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Contact Victor Aguilar for locksmith service and queries. Victor Aguilar is rated A+ by the Better Business Bureau. He has 25 years of experience as a commercial locksmith.

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Most Common Types of Burglary

Let us recall Aesop’s fable of the three tradesmen:

The citizens of a certain city were debating about the best material to use in the fortifications which were about to be erected for the greater security of the town. A carpenter got up and advised the use of wood, which he said was readily procurable and easily worked. A stone mason objected to wood on the ground that it was so inflammable, and recommended stones instead. Then a tanner got on his legs and said, “In my opinion there’s nothing like leather.”

Asking what the most common type of burglary is and, hence, where your money for security should be invested, is similar to Aesop’s fable. The locksmith will advise you to buy better locks; the glazier will advise you to buy better windows; and the security company will advise you to hire a guard to patrol your community. And everyone that you talk to will loudly trumpet their own expertise – unlike those other charlatans – as “fact based,” derived from their own vast experience at thwarting or at least repairing the damage from actual burglaries.

Of course, if your lock is broken, then you will call a locksmith; if your window is shattered, then you will call a glazier; and if you are seeing prowlers, you will call a security company. So both the locksmith and the glazier can – in all honesty – tell you that every burglary he has been called on to repair was an attack on the lock or the window, respectively. And the security guard will report equally vast experience chasing off prowlers, though he will not be able to recall what, if any, burglary tools they were carrying. So, like those fabled townsfolk, you too will hear from three tradesmen, each with “fact based” but contradictory advice, and each demanding your attention and security dollars.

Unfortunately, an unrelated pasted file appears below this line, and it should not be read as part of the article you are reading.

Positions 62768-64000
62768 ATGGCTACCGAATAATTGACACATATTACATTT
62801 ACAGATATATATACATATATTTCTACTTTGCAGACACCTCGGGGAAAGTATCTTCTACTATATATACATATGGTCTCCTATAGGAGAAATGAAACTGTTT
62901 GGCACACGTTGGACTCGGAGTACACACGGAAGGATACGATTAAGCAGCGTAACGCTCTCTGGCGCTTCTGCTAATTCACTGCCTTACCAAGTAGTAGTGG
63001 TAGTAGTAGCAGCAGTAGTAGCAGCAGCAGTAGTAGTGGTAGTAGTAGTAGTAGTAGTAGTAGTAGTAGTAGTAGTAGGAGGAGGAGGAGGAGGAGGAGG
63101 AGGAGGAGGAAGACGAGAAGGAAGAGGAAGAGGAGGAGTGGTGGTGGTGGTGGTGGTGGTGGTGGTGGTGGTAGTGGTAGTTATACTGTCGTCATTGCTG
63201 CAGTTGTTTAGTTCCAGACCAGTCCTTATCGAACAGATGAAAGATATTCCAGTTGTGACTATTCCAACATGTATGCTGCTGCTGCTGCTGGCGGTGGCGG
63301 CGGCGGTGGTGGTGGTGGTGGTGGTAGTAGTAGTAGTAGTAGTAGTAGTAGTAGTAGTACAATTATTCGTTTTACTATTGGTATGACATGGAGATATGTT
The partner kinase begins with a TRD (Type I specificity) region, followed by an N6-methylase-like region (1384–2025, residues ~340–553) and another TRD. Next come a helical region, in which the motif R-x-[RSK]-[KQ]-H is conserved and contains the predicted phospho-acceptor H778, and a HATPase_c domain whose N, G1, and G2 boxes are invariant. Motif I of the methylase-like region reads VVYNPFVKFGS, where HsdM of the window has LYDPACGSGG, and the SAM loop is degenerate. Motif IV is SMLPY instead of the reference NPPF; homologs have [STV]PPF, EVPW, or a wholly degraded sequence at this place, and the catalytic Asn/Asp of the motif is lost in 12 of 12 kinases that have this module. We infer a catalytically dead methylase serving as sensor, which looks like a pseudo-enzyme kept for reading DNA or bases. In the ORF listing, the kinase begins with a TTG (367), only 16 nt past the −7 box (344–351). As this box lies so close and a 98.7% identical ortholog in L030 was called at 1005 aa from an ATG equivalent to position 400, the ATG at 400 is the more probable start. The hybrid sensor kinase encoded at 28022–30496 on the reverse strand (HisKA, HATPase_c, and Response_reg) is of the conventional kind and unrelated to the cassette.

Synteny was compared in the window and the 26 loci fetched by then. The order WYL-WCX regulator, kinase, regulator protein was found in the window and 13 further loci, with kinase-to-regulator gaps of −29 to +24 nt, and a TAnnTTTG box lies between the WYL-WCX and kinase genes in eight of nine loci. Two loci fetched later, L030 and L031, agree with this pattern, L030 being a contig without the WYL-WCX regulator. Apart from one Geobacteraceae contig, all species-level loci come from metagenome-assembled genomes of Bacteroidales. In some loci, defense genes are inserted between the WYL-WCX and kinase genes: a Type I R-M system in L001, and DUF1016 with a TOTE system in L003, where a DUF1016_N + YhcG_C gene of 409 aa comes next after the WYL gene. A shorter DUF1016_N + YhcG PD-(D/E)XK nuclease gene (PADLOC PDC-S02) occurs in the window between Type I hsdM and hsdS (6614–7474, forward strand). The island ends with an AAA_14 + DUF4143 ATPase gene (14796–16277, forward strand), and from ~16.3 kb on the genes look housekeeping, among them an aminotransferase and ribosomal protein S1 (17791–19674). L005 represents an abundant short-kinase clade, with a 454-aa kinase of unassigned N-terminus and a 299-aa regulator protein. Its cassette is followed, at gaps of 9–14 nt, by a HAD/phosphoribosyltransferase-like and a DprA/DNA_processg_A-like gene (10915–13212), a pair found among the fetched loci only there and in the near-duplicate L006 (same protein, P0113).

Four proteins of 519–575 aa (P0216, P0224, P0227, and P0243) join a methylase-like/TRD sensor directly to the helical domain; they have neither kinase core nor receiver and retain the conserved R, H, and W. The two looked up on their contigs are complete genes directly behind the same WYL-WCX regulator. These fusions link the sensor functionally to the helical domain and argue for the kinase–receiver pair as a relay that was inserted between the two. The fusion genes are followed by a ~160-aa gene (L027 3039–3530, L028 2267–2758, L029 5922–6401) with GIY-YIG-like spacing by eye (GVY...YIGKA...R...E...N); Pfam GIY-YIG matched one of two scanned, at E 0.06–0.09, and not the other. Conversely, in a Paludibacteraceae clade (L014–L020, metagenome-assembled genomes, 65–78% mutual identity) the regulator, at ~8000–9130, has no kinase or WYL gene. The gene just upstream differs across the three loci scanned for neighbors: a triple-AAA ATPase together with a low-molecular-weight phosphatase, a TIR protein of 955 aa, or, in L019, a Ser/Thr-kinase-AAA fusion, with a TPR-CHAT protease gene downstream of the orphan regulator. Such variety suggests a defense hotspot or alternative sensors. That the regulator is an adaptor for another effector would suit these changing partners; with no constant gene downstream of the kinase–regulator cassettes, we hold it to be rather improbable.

Perhaps we should consult the police? Everybody who has been burgled can recall a nice and ever-so-sympathetic officer sitting at their kitchen table for as long as an hour, drinking their coffee and interviewing them, asking repeatedly for their every movement the previous evening and everything else about the events surrounding their discovery of the break in. News flash! This is not an interview; it is an interrogation. Officer Friendly is not investigating the burglar; he is investigating you, for insurance fraud. If he deigns to file a burglary report, then you can collect insurance. If his famous (in his own mind) ability to look into people’s eyes and determine when they are lying indicates that he thinks you sold the stuff on E-Bay and then staged a burglary, he will report this fact to his masters, who are the insurance companies.

Of course, not to be entirely cynical, if there are fingerprints on the door or window that are not yours, they will be recorded. Unlike on TV, the police do not “run them” in the sense of checking them against the other 300 million people in America. But they do record them so, if a burglar is later caught red-handed in the neighborhood, he can be convicted of burgling your home as well as the one he was caught in. Many burglars are very parochial – probably because they do not own a car – and such delayed convictions are not uncommon. Also, some burglaries and most murders really are committed by an intimate of the victim so, in spite of the police officer’s risible swami shtick, he is just playing the odds when he assumes that the person at the scene is the only suspect.

The point that I want to make here is that official burglary statistics compiled by the police ignore attacks that leave no mark; Officer Friendly only files a burglary report if your door frame is split in half or your window is in shards all over the carpet. If your wife’s jewelry box is gone, but there is no evidence of forced entry, then the incident is not recorded as a burglary. The insurance company is not going to reimburse you for those jewels.